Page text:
Adjacent to the demolished west gate, there are still remnants of a rest house or inn (Sarae) where the poet Mir Taqi Mir finished one of his narratives in verse (Mathnavi). Half a kilometer further up the west side a vast pond, with steps down the four sides and a building on its north west---all in well baked bricks---reminds us of its builder Lala Roshanlal, Divan of Asif-ud-Daula (1750-98), Nawab of Avadh (1775-98).
Daryabad finds mention in many books of history like Aine-Akbari, Tareekh Ghadre Avadh, Bostan Avadh, Afzal-ut Tawareekh and Muntakheb-ut Tavareekh. Waajib-ul Arz Daryabad and Barabanki Gazetteer provide important information on it. At the beginning of the British Empire in North India, Daryabad was still a district. Around 1863, headquarters moved to Nawabganj, and the district was renamed Barabanki about 1872; the sub-division (tehsil) shifted to the newly named Shameargunj, later called Ram Sanehi Ghat in 1882. Atlases listed Daryabad on maps of India until recently; 'Daryabadi' appears on the 'Avadh' map of Col. I.B. Genbil's 1770 Atlas of the Mughal Empire.
The Daryabad, where my mother, Rabia Ummé-Salma Begum (1909-91), gave birth to me on the 13th of May, 1936, was a town of only six thousand inhabitants equally divided between Hindus and Muslims, living together in peace and harmony under the control of coexisting small and medium size feudal communities. Some inhabitants ran small businesses as tradesmen or artisans; a large number of them labored on cultivation or civil construction, or performed household services. There also lived a percentage of the population in abject poverty, looking for small charities to survive.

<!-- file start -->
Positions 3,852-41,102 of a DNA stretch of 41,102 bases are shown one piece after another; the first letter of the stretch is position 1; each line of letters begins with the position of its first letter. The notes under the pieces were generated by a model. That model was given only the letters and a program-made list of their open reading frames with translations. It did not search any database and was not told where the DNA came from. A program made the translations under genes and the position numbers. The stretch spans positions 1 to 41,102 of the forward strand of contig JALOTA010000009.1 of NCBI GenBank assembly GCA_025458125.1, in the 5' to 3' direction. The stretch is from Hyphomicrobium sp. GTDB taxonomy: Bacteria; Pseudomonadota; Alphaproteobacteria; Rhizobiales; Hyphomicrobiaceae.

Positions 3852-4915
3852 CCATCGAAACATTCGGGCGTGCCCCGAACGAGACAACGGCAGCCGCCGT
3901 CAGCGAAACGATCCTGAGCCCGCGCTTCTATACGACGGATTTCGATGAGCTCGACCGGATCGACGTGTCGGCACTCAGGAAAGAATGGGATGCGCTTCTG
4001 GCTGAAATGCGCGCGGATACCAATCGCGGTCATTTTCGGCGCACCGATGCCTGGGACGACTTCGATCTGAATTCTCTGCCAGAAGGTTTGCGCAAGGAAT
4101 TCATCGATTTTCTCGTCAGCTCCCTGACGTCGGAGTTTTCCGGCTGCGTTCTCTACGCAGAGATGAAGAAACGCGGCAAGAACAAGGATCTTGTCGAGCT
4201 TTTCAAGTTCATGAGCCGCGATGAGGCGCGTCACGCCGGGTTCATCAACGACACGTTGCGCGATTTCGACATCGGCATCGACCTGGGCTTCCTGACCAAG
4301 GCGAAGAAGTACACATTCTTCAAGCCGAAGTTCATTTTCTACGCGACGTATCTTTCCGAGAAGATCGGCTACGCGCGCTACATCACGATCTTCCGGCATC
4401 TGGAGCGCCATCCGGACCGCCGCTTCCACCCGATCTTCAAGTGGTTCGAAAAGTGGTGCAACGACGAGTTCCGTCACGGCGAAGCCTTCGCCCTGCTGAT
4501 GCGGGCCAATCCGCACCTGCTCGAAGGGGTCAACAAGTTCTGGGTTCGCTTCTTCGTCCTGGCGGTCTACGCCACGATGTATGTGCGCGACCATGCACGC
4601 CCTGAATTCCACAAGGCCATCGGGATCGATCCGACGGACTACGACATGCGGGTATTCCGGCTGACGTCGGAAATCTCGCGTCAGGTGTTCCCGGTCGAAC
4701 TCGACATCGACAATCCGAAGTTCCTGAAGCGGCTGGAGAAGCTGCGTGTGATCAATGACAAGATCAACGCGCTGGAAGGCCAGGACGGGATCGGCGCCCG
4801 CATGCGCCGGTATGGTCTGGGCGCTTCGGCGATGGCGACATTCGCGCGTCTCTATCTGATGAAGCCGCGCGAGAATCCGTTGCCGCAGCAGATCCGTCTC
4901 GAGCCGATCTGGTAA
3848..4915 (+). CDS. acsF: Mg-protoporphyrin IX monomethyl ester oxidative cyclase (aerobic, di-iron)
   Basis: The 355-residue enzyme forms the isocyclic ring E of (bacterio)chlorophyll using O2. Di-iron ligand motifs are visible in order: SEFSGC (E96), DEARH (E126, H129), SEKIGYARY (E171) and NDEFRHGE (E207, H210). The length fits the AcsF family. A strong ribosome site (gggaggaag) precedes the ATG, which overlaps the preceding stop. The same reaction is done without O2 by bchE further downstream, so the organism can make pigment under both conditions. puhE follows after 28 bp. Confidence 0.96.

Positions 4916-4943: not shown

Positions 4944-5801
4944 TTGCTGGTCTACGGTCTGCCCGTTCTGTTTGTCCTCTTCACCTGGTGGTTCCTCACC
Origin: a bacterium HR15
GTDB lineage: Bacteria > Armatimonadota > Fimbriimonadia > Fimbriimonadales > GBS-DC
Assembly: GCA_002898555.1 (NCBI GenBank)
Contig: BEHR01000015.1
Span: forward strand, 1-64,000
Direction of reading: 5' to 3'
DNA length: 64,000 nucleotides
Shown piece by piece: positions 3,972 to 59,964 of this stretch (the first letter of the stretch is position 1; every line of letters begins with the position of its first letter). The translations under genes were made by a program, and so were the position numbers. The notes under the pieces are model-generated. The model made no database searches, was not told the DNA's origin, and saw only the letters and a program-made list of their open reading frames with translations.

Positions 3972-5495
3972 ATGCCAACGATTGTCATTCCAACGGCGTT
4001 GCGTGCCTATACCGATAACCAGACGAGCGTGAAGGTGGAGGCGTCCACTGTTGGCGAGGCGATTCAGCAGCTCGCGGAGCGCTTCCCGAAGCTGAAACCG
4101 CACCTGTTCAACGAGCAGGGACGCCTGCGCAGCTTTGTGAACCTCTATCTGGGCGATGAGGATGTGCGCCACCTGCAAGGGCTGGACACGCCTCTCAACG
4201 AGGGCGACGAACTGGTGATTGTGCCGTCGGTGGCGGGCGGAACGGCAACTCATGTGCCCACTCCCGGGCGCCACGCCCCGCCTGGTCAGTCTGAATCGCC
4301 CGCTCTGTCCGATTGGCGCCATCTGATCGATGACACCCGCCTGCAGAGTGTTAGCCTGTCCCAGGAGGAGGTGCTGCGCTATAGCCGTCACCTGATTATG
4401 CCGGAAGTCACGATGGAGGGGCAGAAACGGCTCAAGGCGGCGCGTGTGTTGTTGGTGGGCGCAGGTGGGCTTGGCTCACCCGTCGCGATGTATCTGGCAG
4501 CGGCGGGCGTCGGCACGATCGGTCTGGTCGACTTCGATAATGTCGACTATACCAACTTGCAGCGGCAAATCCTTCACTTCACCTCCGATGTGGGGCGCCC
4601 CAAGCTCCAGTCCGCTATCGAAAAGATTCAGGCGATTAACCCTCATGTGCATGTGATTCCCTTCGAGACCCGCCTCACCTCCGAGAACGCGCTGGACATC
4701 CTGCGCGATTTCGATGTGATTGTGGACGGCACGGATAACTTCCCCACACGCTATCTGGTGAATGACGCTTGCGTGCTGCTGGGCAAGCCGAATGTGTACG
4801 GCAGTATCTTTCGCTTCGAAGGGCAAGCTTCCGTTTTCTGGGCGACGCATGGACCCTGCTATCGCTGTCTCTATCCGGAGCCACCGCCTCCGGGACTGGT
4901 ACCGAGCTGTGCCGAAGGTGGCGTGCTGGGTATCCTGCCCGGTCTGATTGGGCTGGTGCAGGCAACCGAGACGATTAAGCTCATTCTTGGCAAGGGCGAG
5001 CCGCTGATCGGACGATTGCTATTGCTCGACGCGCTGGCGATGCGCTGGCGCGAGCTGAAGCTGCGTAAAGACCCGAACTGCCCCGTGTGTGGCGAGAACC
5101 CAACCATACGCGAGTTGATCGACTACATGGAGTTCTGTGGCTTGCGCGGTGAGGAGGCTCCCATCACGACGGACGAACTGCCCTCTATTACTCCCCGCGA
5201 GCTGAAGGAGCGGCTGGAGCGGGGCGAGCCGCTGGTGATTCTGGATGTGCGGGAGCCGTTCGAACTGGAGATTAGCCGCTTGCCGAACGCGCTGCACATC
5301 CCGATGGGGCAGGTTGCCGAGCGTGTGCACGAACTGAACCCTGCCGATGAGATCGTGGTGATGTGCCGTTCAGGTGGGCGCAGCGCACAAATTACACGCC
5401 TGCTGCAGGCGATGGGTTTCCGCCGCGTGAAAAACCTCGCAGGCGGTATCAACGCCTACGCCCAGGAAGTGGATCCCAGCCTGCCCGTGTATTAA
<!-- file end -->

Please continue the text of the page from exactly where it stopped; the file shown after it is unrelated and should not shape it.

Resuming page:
My father Mirza Naazir Baig (1908-80) inherited three small pieces of agricultural land, totaling in area about 1.3 hectares. In order to make ends meet, he rejoined Raja Aijaz Rasool (d. May 1947) of Jehangirabad Estate as his private secretary, Mukhtar–e Am and/or Zilaidar, after a break of many years; he only stayed home, therefore, on alternate weekends or so. Aijaz Rasool was an aristocrat of rare distinction, keeping very close relations with the British Governor of UP, whoever he may be. To fulfill his wishes without frowning was an unofficial duty of every Barabanki Collector.
After their marriage in 1927, my mother lived in a modest old house with her mother-in-law barely two hundred meters from her parents. Hafiz Khwaja Ali Ahmad (1889-1948) visited his only daughter daily, before cycling to the sub-registrar's office at tehsil headquarters, where he wrote documents, and when he returned home. When I was born, my father was away, and my maternal grandfather bore all his responsibilities.
A neat and clean Government hospital ran in Daryabad under the control of an MBBS doctor assisted by a compounder. But there was no official midwife in those days and a private sage-woman delivered babies with dexterity. Thus I saw the first ray of sun in the afternoon of a Thursday on the 20th Safar 1355 of the Muslim lunar calendar (Hijri). Father gave me the name Saeeduzzafar, by using the numbers assigned to the Arabic alphabets of my birth dates, which total (60+70+10+4+1+30+900+80+200 = 1355.
Khwaja Ali Ahmad was more than six feet tall and lean; his wife Fatima Begum (1891-1961), a first cousin, was a huge figure, very active and dominant despite her bulk. It was the advantage of listening less to her running commentary that drew Ali Ahmad to social service. Their fathers were brothers whose ancestors lived in the village Aidha-Barha of District Gonda but moved to Faizabad/Ajodhya (Ayodhya or Avadh) in the infancy of the two brothers. When their sister married Shahjehan Begum's father, she brought her youngest brother, Ahmad Mir, to Daryabad with her.